News Release Distributed 12/20/13By Allen OwingsLSU AgCenter horticulturist
HAMMOND, La. – Arbor Day, in Louisiana the third Friday in January, is designated as a day for planting trees. In Louisiana, January is considered the best month to do this.
Fall through winter is the time to add trees to the Louisiana landscape. Some of the most popular and best trees for Louisiana landscapes include the Southern live oak, Southern magnolia (our state flower), bald cypress (our state tree), crape myrtles, deciduous oaks, southern sugar maple, hollies, vitex, Sweetbay magnolia and pines.
The Southern live oak is one of Louisiana’s signature trees. If you want to plant one, realize the spread on these trees and give them the adequate room they need to grow.
Our state flower is a tree – the Southern magnolia. The most planted variety is Little Gem, Southern magnolia trees need well-drained soil. They commonly bloom from late spring to early summer. A larger-growing variety of Southern magnolia is Bracken’s Brown Beauty.
Louisiana’s state tree is the baldcypress. These trees have fine-textured leaves, and many times they have a rusty brown fall foliage. Above-ground roots (“knees”) on cypress are most common in clay and poorly drained soils and less of a problem in well-drained sandy or silty soils.
Crape myrtles are our most popular non-native summer-flowering tree. Select crape myrtles based on mature size. They come in tall, intermediate, semi-dwarf, dwarf and miniature varieties. Great varieties for Louisiana are Natchez, Sioux, Acoma, Muskogee, Tonto and Tuscarora. Crape myrtles must have full sun (8 hours daily) in order to grow and flower their best.
Nuttall, willow, southern red, cherrybark and shumard are examples of oaks trees that drop their foliage in the wintertime – thus the term, deciduous. All of these are great trees for Louisiana landscapes. Personally, nuttall oak and willow oak are favorites. The willow oak is a Louisiana Super Plant.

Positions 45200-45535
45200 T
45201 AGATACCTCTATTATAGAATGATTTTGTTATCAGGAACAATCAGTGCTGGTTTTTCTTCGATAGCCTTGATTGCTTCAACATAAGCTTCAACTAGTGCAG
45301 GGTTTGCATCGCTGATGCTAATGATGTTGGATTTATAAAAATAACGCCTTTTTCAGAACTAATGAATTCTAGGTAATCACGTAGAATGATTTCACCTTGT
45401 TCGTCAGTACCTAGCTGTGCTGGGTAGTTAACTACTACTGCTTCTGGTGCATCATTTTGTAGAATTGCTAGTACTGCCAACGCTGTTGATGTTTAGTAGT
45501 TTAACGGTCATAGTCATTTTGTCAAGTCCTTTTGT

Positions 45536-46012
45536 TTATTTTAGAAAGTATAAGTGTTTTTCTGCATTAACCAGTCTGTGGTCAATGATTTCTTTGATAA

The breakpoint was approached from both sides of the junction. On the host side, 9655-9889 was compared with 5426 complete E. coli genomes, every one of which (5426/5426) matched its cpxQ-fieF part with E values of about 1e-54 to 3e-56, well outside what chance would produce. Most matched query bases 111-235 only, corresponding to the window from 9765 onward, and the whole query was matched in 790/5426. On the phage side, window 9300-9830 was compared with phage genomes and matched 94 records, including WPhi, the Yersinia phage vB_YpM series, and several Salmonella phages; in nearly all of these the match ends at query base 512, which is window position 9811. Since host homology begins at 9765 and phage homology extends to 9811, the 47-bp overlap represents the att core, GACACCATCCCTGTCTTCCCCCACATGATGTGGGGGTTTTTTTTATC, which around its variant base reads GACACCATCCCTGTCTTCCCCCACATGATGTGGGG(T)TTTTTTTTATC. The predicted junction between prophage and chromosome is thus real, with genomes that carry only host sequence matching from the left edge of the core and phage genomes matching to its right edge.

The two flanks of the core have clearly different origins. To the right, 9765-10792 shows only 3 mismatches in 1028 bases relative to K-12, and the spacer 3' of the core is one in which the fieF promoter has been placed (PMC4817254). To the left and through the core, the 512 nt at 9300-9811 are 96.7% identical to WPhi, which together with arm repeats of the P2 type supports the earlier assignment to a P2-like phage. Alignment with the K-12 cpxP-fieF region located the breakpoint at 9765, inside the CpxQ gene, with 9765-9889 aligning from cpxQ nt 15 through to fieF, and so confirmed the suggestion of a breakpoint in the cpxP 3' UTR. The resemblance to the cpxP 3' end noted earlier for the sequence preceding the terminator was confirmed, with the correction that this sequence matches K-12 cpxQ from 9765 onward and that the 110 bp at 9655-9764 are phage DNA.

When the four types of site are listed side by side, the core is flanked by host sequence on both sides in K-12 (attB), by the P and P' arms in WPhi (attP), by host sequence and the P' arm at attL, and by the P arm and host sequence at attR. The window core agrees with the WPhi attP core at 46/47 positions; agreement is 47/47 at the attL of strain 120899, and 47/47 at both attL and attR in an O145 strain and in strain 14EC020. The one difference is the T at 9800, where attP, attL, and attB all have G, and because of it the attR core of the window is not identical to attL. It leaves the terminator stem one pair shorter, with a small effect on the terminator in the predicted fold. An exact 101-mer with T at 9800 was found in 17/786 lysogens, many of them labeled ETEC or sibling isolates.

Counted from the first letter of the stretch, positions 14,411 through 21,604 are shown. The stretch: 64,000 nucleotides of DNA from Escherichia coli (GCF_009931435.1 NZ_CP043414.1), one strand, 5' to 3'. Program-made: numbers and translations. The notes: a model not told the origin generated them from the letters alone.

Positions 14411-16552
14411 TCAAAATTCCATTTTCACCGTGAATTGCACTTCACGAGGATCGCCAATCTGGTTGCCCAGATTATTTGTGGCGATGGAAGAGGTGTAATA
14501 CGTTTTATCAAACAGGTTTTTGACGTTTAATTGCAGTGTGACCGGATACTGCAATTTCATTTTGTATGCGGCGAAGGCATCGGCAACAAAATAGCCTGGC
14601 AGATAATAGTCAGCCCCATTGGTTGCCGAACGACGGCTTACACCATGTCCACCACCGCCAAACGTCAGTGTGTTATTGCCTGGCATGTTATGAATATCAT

Another Louisiana Super Plant in the tree category is the Southern sugar maple. Fall foliage color is outstanding. Plants reach a height of 30 to 40 feet after 20 years.
Savannah holly is one of the most popular hollies that will grow into a tree shape. They are also known for their heavy clusters of red berries that persist through fall and winter. The American holly is also a favorite but harder to locate at garden centers.
The 12-inch, fragrant flower spikes of deep lavender blue makes the vitex tree, also called chaste tree, a summer landscape favorite. The variety Shoal Creek is a Louisiana Super Plant. Flowers attract butterflies and hummingbirds.
Another magnolia to consider is the Sweetbay magnolia. These native trees mature to an average height about 30 feet tall with a spread of 20 feet, but larger sizes are common. These trees have a tendency to be semi-evergreen. Flowers are creamy white and about 2 to 3 inches in diameter. Flowers are present in April and May and have a lemony fragrance.
Pines trees thrive in many soils across Louisiana. Many pine species are native to the state. Spruce pines are smaller and slower growing and take more adverse soil conditions than other pine species.
Trees are a long-term investment. Select the correct tree to fit your planting location and also consider the purpose for which the tree is being planted. Now through February would be a great time to plant.
You can see more about work being done in landscape horticulture by visiting the LSU AgCenter Hammond Research Station website. Also, like us on Facebook. You can find an abundance of landscape information for both home gardeners and industry professionals at both sites.
Send to friend